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ISSN: 2638-5910

Archives of Diabetes & Obesity

Opinion Article(ISSN: 2638-5910)

Phytochemicals as Dietary Supplements for Blood Sugar Control Volume 4 - Issue 3

Hanyu Lu, Meiyu Zheng, Jinjun Li and Shengmin Lu*

  • Institute of Food Science, Zhejiang Academy of Agricultural Sciences, China

Received: January 20, 2023   Published: February 1, 2023

Corresponding author: Shengmin Lu, Zhejiang Academy of Agricultural Sciences, Hangzhou 310021, China

DOI: 10.32474/ADO.2023.04.000189

Abstract PDF


Diabetes mellitus (DM) is a chronic metabolic disease characterized by high blood glucose levels and has been an increasing world health problem. It is one of three non-communicable diseases (NCD) worldwide, and the 3rd leading cause of death in humans. Type 2 diabetes is induced by insulin deficiency owing to damaged pancreatic beta cells and insulin resistance. The current therapeutic approaches include repairing damaged beta cells, increasing the sensibility to insulin, retarding carbohydrate digestion, etc., and the relevant medicines such as diformin and acarbose have been developed [1]. However, they usually have single efficacy and some side effects. Notably, most DM may result from unhealthy lifestyles and dietary habits. Therefore, routine prevention rather than therapy has been proposed to be more important. In this way, abundant natural phytochemicals are good candidates for preventing and treating NCD including DM because of their various bioactivities, low costs, and lesser side effects.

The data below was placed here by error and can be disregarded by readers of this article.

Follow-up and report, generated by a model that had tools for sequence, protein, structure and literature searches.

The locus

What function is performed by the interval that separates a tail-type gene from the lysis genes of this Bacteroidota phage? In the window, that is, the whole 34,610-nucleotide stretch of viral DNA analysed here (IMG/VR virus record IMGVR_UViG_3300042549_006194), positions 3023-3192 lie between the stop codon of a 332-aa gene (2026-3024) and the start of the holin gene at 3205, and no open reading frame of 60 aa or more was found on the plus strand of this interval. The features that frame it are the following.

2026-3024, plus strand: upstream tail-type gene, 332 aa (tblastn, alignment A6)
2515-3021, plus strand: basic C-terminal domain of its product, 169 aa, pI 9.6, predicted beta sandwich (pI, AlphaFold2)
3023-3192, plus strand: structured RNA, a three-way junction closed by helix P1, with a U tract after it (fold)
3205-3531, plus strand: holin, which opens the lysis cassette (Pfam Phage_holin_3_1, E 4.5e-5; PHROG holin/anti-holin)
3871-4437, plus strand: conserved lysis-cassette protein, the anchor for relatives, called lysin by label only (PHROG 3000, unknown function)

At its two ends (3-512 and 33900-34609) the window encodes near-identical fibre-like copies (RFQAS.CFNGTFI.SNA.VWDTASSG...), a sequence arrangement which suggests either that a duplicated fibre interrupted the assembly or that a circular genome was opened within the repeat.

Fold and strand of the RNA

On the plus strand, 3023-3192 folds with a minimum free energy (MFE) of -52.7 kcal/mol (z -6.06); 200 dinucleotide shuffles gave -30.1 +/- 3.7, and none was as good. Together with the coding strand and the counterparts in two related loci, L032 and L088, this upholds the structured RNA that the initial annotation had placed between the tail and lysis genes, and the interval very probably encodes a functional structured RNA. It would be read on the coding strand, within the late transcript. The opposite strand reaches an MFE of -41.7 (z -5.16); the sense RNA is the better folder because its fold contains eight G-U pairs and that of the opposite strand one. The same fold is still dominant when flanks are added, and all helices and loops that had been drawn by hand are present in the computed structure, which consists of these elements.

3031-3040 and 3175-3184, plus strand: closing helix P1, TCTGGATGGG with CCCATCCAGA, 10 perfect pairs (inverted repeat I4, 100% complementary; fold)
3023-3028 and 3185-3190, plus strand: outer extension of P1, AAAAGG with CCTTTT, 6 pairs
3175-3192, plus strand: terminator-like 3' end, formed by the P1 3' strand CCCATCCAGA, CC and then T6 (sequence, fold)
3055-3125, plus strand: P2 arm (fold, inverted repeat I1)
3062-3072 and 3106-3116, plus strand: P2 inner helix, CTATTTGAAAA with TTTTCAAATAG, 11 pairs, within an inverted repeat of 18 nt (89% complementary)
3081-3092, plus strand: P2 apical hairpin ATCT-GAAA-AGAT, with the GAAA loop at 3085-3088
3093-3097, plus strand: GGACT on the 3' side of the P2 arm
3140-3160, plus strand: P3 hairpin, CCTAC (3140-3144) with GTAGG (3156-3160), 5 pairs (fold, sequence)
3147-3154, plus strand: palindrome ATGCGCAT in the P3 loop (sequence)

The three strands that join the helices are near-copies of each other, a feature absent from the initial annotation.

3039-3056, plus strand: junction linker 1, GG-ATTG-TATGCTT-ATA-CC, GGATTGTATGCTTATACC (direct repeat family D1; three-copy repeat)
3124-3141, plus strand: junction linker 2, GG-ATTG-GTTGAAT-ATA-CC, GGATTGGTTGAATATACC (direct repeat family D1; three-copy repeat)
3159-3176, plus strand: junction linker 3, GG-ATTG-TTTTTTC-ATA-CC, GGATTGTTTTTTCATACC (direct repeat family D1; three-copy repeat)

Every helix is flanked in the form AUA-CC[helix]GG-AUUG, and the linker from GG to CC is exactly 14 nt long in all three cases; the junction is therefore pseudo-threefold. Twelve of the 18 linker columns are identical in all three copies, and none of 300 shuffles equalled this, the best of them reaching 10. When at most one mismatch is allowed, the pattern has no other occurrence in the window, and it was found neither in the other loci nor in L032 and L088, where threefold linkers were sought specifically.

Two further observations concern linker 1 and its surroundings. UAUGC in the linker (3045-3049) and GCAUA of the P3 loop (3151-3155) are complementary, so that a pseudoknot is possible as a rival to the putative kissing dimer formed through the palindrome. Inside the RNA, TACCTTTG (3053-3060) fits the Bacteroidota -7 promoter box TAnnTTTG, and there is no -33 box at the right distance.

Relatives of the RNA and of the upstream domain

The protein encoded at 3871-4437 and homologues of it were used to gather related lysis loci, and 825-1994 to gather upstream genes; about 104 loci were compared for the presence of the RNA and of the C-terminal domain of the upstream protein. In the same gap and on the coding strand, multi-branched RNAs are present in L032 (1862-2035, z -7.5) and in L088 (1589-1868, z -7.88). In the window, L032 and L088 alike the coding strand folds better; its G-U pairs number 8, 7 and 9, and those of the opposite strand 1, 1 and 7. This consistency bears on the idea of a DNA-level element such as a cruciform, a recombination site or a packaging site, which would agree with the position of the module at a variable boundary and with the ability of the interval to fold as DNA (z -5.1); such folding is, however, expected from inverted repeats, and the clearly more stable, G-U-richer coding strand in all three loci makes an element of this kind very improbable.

There are many kinds of phytochemicals associated with hypoglycemic activity, present in plants, including fruits, vegetables, fungi, herbs and so on. Such phytochemicals may include flavonoids & phenolics, polysaccharides, terpenoids, alkaloids, etc [2]. Diabetic patients may control or regulate their blood glucose levels through daily consuming the aforementioned plants directly or their extracts as dietary supplements. The plants or their parts (fruits, roots, leaves, stem barks, flowers or their combinations, essential oils) can be orally administrated in different forms such as concoctions of different plant mixtures, infusions as teas or as component mixtures in porridges and soups. However, enriched extracts and their products can be more efficient and convenient to intake orally than direct consumption of plant materials. Under this circumstance, phytochemicals have been isolated and characterized from fruits such as citrus and apples, vegetables such as broccoli and onion, spices such as turmeric, beverages such as green tea and red wine, as well as many other sources. Extraction from the plant is an empirical exercise in which different solvents are utilized under a variety of conditions such as time and temperature of extraction, and the success or failure of the extraction process depends on the most appropriate assay [2]. An appropriate assay is required to first screen for the presence of the source material by determining contents of targeted phytochemicals, to extract, purify and subsequently identify the compounds therein, and finally verify their hypoglycemic activities through different mechanisms such as the inhibition of α-amylase, α-glucosidase, insulin-sensitizing effect, direct action on protein tyrosine phosphatase 1B, peroxisome proliferator-activated receptors, GLUT4 expression, insulin receptor substrate-1 and glycogen synthase kinase-3β as well as dipeptidyl peptidase-4 enzyme [3]. However, when processed into dietary supplements, crude extracts are usually enough processed into solids such as powders, tablets, jelly-sweets, or concentrated oral liquids. To improve acceptability by diabetes high-risk groups, the formula of products usually contain different additives, including flavoring agents, excipients, etc., but no sugars to mask bad tastes, such as bitterness and astringency as well as improve stability or absorption of bioactives.